100 Years of Vanity, Part 1

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At dawn on his one-hundredth-birthday, my grandfather shuffled quietly to the bathroom, closed the door, and began to powder his face. Though “powder his face” is an understatement. What he really did was raid my grandmother’s cosmetics cabinet and use up an entire bottle of foundation. He was working his way through a new blush compact when my grandmother intervened.
Grandma was surprised, but not too surprised; she knew what she was getting herself into when she decided to marry a man from Shanghai. After all, Shanghai is the most superficial of Chinese cities (just ask those from Beijing, the most intellectual city) and appearances are of the utmost importance to its people, émigrés or not. Born at the end of the Qing Dynasty, my grandfather had grown up in a changing, cosmopolitan city, occupied in turns first by the Japanese and then the British. Communism was the last thing on his mind when he took a job as a Customs Official, a respectable and stable position for which one could don an officer’s uniform everyday and wear a gentleman’s suit at night. The job promised rotations around the Chinese coast as well as Hong Kong and Taiwan. This appealed to my grandfather, who liked to travel and learn conversational amounts of foreign languages. He was fascinated by notions of European glamour, and as Shanghai and indeed China at large began to divide over the traditions of dynastic China and modernization as inspired by the West, my grandfather adapted easily to the latter, or outwardly at least.
However westernized his aesthetic tastes, at his core, he was a Shanghai man – exceedingly thrifty and bargain-savvy. Long before Warren Buffet stated “Price is what you pay, value is what you get,” the Shanghai man of my grandfather’s day knew well the art of looking one’s best for spending the least, and at this, my grandfather was the master. His suits, shirts, and coats, all bespoke, were made in China by one of a hundred million tailors. His shoes, simple black loafers with a tiny gold pin on the side, were very Western indeed, but they too were made and bought in China for a quarter of what the Western man was paying. Ties and silk handkerchiefs were bought in bulk on my grandparent’s biannual trips to back to Shanghai, ten for the price of one. By his one-hundredth birthday, dozens of ties were still unopened.
For some however, vanity blossoms with age as it did for my grandfather. The aforementioned items and activities did not make their appearance until after my grandfather had immigrated to Taipei and the meticulous dressing and grooming habits he had developed in twenties stayed with him throughout his life, regardless of where he lived. No matter how hot and cloying the humid Taipei air, grandpa never left the house without a full suit and tie, which was always held in place beneath the fourth button (then the third, as he began to shrink with age) by a glittering tie clip. The shine of his perpetually buffed leather loafers matched that of his well-oiled hair, which he combed down each morning with a tortoiseshell comb smeared with imported lanolin. For a centenarian, he had a remarkably youthful complexion: nary a sunspot, mole or blemish could be found on his soft cheeks or anywhere on his body, for he was a businessman whose affairs led him from house to car (chauffeured by Grandma) to office and vice versa. For forty years after his “retirement,” he continued to go to the office, not because the company needed him (though my uncles stoked their father’s ego by bringing him all the checks to sign) but to keep up appearances. He laughed at the other retired old men who sat in the park wearing unsightly white undershirts, frayed shorts and plastic sandals from the Seven-Eleven, cooling themselves with straw fans. They only dressed up when their grandkids came to take them out to lunch. My grandfather dressed to the nines everyday and took us out to lunch.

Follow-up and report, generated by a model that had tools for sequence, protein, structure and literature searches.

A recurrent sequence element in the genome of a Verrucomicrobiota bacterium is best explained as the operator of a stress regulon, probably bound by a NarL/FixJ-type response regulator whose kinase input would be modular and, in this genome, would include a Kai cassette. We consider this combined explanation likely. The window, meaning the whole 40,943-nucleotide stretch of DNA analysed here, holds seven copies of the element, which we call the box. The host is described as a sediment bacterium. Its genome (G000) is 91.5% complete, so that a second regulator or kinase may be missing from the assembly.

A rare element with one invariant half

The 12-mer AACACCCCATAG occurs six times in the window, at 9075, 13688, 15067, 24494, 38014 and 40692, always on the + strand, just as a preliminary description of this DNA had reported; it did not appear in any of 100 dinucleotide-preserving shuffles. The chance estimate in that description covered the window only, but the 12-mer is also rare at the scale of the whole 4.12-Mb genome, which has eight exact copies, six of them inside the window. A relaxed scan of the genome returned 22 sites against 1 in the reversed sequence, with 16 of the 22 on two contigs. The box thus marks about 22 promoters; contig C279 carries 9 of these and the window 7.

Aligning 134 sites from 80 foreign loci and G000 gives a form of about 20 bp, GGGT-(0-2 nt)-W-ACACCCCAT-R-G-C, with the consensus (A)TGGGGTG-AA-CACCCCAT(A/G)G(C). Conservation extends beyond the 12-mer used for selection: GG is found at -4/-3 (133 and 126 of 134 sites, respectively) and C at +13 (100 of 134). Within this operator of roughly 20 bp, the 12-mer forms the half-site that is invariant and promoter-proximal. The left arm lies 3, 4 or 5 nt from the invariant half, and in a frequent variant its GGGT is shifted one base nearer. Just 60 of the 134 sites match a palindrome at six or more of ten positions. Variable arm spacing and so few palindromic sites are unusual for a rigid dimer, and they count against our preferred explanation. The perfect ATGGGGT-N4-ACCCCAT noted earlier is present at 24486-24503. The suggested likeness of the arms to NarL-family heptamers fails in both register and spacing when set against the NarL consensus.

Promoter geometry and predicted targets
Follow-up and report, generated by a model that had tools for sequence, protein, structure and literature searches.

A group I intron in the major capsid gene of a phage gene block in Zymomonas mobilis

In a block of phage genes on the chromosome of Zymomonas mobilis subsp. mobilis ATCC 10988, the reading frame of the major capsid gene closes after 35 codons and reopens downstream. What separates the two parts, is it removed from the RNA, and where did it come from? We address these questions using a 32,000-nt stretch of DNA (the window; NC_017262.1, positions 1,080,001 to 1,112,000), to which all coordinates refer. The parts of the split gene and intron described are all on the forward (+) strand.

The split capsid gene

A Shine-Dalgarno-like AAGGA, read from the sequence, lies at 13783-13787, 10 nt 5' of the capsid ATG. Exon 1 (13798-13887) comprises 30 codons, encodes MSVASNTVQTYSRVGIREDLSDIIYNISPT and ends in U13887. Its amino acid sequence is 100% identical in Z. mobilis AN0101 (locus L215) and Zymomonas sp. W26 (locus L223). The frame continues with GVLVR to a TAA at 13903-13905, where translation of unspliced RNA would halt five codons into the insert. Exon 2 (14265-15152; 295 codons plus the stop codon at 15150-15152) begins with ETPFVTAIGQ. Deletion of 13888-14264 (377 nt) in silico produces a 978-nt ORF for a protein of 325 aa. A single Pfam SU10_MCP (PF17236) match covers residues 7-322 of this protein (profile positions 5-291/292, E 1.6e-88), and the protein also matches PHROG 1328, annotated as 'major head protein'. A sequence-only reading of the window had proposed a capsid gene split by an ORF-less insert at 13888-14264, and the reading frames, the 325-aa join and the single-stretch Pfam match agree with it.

It was in Taipei that he found a new life for himself, though not by choice. His career as promised, had rotated him to Taipei for a short period – but civil war broke out between the Communists and the Nationalist Kuomintang Party and the latter retreated to Taiwan after the war, closing the gates to the Mainland behind them. My grandfather was lucky – he did not escape in the tumultuous, life-threatening hoards, as my mother’s parents did, but was rather assigned to leave the country in the middle of the 1940’s, with the expectation to return. But as politics and wars go, one thing led to another and, as his country tore itself apart, my grandfather sat serenely from his post across the strait and wondered what all the fuss was about.
Here, in my biographical ignorance I am being cruelly speculative; my grandfather did have his share of troubles. He was married at the time to his second wife and along with her, had three daughters back in Shanghai. The strait closed in 1949 and my grandfather would not see his family for another thirty-eight years until Martial Law under Chiang Kai-Shek had ended and the Chinese in Taiwan were allowed again to visit the Chinese in China. This was in 1987, but by then, my grandfather already had another family. Before you call him a philanderer or other vicious names, let me first divulge the secrets of longevity: surround yourself with those who make you happy, have children (sons, preferably), and live. This is what my grandfather did. In the face of political upheaval and the disintegration of his nuclear family, it was the only thing he could do. He redirected his center, accepted Taipei as his new home, and created a family.
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